The pipe itself is being developed under a $2.82-million, five-year contract with DOE's Office of Fossil Energy. Briefly, the flexible pipe is manufactured by winding graphite fibers and epoxy resin around a supporting spindle. The composite tube is cured, and the spindle then removed. After the pipe is machined to fit borehole tolerances, it is coated to resist abrasion.
The composite pipe is much lighter and more flexible than steel drill pipe, say NETL officials. This is particularly important in permitting producers to reenter old wells and drill horizontally to reach untapped oil and gas formations, they said, adding that steel-based drill pipe can suffer fatigue cracking and rapid wear when flexed continually during a horizontal drilling operation. And while the price of the composite tubulars currently is about three times that of steel drill pipe, researchers are working on reducing costs. Meanwhile, project designers plan additional tests in the coming months aimed at helping to convince the industry of the applicability of composite drill pipe under actual field conditions.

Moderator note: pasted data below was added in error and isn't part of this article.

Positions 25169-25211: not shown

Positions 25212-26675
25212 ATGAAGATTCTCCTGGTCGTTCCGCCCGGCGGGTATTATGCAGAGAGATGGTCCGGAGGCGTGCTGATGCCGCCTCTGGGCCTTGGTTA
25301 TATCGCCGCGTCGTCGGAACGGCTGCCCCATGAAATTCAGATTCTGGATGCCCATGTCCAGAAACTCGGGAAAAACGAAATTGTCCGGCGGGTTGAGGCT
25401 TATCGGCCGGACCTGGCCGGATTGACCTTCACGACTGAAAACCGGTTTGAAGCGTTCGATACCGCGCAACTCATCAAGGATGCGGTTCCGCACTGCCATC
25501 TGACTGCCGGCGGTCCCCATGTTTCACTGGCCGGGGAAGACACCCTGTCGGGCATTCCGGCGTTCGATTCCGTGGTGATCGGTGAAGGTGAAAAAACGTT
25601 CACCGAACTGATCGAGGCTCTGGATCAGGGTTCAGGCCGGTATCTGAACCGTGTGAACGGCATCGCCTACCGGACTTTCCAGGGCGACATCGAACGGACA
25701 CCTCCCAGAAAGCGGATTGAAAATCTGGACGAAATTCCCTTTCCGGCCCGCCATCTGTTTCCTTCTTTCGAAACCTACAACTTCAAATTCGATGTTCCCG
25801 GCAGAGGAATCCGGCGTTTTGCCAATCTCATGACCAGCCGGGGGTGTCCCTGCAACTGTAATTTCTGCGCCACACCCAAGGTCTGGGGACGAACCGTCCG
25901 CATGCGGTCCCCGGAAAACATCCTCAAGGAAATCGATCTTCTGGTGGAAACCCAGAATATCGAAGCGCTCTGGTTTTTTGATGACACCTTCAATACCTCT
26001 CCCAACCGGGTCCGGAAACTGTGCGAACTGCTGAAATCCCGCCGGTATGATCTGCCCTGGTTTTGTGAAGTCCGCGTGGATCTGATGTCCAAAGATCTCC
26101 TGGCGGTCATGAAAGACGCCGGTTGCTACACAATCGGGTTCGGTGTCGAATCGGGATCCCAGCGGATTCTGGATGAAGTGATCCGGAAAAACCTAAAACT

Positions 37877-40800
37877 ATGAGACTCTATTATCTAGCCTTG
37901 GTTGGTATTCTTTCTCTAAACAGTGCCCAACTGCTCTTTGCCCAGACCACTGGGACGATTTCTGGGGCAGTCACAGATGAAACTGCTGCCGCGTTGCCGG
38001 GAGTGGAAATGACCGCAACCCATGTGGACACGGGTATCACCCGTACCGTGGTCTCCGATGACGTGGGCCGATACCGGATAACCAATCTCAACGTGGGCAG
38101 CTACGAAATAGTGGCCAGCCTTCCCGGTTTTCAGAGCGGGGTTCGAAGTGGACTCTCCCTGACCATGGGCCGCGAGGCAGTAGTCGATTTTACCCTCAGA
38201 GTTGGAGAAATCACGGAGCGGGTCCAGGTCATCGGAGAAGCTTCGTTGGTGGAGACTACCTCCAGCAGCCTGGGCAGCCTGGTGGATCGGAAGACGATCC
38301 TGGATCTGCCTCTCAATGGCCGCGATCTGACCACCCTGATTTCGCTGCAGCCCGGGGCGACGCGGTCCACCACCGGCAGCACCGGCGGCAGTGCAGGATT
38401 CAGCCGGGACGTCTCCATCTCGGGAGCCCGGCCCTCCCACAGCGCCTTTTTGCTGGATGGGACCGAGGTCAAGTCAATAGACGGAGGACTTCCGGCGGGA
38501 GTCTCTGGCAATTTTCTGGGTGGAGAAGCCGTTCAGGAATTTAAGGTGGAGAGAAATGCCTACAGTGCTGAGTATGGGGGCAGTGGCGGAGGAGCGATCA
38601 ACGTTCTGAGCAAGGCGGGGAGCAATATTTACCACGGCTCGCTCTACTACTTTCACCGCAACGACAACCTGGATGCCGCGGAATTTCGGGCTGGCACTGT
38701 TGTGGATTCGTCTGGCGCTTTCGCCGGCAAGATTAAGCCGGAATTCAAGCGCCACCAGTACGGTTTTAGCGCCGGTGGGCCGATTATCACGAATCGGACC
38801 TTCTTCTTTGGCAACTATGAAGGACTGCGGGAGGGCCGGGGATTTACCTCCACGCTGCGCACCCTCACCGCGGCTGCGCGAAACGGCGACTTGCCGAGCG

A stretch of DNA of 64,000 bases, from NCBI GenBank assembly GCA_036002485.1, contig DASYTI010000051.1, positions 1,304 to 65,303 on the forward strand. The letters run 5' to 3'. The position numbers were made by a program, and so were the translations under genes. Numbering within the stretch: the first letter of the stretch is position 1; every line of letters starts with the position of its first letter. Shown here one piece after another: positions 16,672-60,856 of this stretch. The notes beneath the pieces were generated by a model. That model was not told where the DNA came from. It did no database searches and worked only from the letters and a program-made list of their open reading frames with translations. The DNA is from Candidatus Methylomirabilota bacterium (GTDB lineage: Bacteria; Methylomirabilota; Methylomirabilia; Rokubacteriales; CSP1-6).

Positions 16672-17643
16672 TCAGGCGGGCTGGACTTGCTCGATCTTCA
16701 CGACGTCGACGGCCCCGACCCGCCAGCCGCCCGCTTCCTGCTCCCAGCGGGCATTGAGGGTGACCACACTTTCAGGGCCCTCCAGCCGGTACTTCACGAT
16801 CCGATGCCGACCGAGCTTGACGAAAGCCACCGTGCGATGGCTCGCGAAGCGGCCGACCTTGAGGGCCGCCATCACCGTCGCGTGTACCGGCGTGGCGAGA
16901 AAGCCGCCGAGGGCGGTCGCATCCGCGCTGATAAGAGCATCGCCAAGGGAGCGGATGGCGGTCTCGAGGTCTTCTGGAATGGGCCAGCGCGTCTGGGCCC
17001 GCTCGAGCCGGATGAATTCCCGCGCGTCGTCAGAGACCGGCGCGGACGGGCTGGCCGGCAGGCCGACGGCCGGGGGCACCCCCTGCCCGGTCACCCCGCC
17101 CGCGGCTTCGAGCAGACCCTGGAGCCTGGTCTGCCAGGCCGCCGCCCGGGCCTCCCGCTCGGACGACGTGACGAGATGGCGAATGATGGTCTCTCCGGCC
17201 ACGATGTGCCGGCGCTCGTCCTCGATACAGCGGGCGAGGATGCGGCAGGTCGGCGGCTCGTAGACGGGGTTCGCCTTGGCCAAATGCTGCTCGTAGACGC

DOE officials also point out that the carbon fiber make-up of the new pipe also could be a major step toward developing future "smart" drilling systems. Research to come will include embedding wire conductors in larger, 7-inch composite drill pipe to carry data from the bottom of the hole to the surface while drilling is underway. With a digital communications capability, such systems could give operators realtime data for monitoring drilling progress, for avoiding undue stresses on the drill pipe itself, and for making virtually instant decisions to pinpoint the well's target formation.
For more information, contact David J. Anna, NETL at email@example.com (412-386-4646).